An inconvenient history takes national spotlight with opening of lynching memorial
“In the American South, we don’t talk about slavery. We don’t have monuments and memorials that confront the legacy of lynching. We haven’t really confronted the difficulties of segregation. And because of that, I think we are still burdened by that history.” – Bryan Stevenson, EJI executive director
The National Memorial for Peace and Justice opened to the public on April 26 near downtown Montgomery, Alabama and became the first memorial dedicated to the legacy of enslaved black people, people terrorized by lynching, African Americans humiliated by racial segregation and Jim Crow, and people of color burdened with contemporary presumptions of guilt and police violence.
Work on the memorial began in 2010 when Equal Justice Initiative (EJI) staff began investigating thousands of racial terror lynchings in the American South, many of which had never been documented. EJI was interested not only in lynching incidents, but in understanding the terror and trauma this sanctioned violence against the black community created. Six million black people fled the South as refugees and exiles as a result of these “racial terror lynchings.”
This research ultimately produced Lynching in America: Confronting the Legacy of Racial Terror in 2015 which documented thousands of racial terror lynchings in twelve states. Since the report’s release, EJI staff have embarked on a project to memorialize this history by visiting hundreds of lynching sites beyond the Deep South, collecting soil, and erecting public markers, in an effort to reshape the cultural landscape with monuments and memorials that more truthfully and accurately reflect our history.
“Our nation’s history of racial injustice casts a shadow across the American landscape,” said Stevenson. “This shadow cannot be lifted until we shine the light of truth on the destructive violence that shaped our nation, traumatized people of color, and compromised our commitment to the rule of law and to equal justice.”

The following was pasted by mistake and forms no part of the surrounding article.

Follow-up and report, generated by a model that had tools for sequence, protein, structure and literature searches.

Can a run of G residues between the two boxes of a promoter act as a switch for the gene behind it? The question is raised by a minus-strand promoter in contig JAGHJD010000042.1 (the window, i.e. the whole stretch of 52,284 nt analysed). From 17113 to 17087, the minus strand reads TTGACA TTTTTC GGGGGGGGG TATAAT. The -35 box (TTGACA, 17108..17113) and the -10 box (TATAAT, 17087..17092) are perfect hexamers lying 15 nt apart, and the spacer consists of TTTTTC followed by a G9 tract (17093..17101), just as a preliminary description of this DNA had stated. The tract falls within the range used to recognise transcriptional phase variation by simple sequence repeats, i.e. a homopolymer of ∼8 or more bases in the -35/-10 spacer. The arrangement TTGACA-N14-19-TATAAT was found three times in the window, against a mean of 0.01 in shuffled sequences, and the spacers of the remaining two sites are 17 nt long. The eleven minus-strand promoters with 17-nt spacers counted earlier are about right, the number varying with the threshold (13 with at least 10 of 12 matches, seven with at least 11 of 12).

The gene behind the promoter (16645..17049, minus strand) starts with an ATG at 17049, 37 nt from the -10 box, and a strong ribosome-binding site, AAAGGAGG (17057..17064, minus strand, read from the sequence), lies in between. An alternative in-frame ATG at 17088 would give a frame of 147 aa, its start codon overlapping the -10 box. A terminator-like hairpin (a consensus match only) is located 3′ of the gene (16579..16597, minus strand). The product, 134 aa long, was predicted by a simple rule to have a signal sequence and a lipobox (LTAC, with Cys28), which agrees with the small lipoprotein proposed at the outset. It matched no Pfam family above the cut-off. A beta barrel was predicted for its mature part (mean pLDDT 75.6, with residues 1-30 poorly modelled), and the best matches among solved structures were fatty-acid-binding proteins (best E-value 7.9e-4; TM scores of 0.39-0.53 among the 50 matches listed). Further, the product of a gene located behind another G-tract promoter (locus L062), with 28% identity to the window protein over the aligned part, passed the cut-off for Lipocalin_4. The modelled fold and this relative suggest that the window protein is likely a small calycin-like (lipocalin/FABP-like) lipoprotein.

The Memorial for Peace and Justice was conceived with the hope of creating a sober, meaningful site where people can gather and reflect on America’s history of racial inequality. EJI partnered with artists like Kwame Akoto-Bamfo whose sculpture on slavery confronts visitors when they first enter the memorial. EJI then leads visitors on a journey from slavery, through lynching and racial terror, with text, narrative, and monuments to the lynching victims in America.
In the center of the site, visitors encounter a memorial square, created with assistance from the Mass Design Group. The memorial experience continues through the civil rights era made visible with a sculpture by Dana King dedicated to the women who sustained the Montgomery Bus Boycott. Finally, the memorial journey ends with contemporary issues of police violence and racially biased criminal justice expressed in a final work created by Hank Willis Thomas. The memorial displays writing from Toni Morrison, words from Dr. Martin Luther King Jr., and a reflection space in honor of Ida B. Wells.
Set on a six-acre site, the memorial uses sculpture, art, and design to contextualize racial terror. The site includes a memorial square with 800 six-foot monuments to symbolize thousands of racial terror lynching victims in the United States and the counties and states where this terrorism took place.
The memorial structure on the center of the site is constructed of over 800 corten steel monuments, one for each county in the United States where a racial terror lynching took place. The names of the lynching victims are engraved on the columns. The memorial is more than a static monument. In the six-acre park surrounding the memorial is a field of identical monuments, waiting to be claimed and installed in the counties they represent. Over time, the national memorial will serve as a report on which parts of the country have confronted the truth of this terror and which have not.